Quote Originally Posted by -Virgil- View Post
    I don't know his background or formal education, but I think he probably qualifies as more or less an expert, without sneer quotes.
    I just talked with him the other day. He has no formal education in anything automotive related. He said he's self-taught with regard to automotive lighting, and he's working with a company to see if he can get free access to their modeling software to better understand headlamp design. Now, if only I could self-teach myself as effectively!

  9. #9
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    Default Re: is HID development "dead"?

    But HID is available in 4300K. LED's are generally 6000K-6500K. Are they making any native (not filtered) 4300K LED's to replace HID?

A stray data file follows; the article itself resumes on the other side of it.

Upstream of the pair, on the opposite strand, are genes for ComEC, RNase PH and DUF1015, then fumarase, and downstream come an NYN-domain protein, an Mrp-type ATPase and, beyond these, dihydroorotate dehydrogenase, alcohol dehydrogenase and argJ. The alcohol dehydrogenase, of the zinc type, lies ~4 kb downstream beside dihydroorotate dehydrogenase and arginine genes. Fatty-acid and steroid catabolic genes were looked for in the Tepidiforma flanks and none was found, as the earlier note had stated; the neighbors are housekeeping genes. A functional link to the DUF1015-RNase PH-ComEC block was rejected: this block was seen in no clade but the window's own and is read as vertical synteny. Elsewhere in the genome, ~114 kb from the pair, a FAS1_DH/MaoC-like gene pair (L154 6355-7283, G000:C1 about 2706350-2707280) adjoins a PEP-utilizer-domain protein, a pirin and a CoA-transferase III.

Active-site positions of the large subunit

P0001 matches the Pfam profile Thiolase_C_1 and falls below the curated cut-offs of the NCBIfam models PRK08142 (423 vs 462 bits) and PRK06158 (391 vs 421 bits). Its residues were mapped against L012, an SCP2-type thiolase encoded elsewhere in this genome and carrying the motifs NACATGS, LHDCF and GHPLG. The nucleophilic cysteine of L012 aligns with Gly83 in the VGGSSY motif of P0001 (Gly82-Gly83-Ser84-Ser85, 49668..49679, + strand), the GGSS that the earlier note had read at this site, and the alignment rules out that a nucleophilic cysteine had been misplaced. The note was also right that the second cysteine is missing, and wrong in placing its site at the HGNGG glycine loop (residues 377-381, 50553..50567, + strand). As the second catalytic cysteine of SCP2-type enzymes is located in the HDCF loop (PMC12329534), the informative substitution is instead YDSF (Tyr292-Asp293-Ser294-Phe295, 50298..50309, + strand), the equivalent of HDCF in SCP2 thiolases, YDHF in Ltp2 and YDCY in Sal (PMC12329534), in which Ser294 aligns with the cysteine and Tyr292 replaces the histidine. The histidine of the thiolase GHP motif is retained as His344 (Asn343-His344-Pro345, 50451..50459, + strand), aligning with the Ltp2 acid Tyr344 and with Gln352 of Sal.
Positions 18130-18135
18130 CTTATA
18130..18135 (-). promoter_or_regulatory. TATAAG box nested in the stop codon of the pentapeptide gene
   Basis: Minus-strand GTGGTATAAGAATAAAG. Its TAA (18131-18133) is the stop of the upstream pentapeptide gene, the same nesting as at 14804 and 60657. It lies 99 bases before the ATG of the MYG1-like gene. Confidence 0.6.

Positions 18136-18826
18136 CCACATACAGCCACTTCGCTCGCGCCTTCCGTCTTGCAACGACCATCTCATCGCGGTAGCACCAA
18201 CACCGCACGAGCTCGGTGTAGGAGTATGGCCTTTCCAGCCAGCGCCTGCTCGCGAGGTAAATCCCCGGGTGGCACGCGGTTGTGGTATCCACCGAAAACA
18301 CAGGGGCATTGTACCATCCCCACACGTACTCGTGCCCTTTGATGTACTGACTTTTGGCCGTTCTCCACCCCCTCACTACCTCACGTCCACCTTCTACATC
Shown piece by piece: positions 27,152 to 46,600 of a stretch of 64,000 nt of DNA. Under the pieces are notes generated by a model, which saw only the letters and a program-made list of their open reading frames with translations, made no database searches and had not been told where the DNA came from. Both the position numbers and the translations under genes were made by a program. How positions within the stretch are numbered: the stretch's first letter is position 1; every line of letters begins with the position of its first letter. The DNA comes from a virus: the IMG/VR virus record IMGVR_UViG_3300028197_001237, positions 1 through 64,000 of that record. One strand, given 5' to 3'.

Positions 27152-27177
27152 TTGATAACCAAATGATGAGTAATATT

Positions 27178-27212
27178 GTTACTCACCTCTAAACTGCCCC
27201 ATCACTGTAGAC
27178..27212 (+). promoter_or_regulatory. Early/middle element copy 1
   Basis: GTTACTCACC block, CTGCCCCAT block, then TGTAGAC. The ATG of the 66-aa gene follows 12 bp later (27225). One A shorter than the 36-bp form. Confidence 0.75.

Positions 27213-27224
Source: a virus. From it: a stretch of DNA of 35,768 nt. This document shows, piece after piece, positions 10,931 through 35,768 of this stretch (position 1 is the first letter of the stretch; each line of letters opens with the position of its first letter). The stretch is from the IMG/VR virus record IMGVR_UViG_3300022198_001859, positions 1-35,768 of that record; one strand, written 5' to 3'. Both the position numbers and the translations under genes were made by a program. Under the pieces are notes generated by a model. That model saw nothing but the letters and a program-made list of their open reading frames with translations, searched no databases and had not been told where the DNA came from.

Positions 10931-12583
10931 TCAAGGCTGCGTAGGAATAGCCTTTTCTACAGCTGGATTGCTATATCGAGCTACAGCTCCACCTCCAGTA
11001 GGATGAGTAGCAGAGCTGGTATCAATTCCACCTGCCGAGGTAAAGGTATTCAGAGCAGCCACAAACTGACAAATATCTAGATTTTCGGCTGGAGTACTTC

10. #10
    Moderator Alaric Darconville's Avatar
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    Default Re: is HID development "dead"?

    Quote Originally Posted by TechGuru View Post
    But HID is available in 4300K. LED's are generally 6000K-6500K.
    And in 4000K and 3900K, but color temperature isn't the sole determinant of headlamp performance, although it is annoying that the CCTs are so high when it confers no advantage.

    Are they making any native (not filtered) 4300K LED's to replace HID?
    Perhaps they'll start taking a cue from home lighting, in which CCTs as low as 2200K are available. Add the recent craze of "blue light BAD" and we might start seeing CCTs creep down a bit. But for now we're stuck with what we have, and color temps aside LEDs are cheaper to produce and implement and lamps based on them are less expensive to make and simpler to implement than HID systems, and the luminous efficacy of LED is far outstripping HID.

    Also, there are selective yellow LEDs, which would be great for fog lamp use (and there are no legitimate fog lamps that use HID, so another strike against HID's continued existence).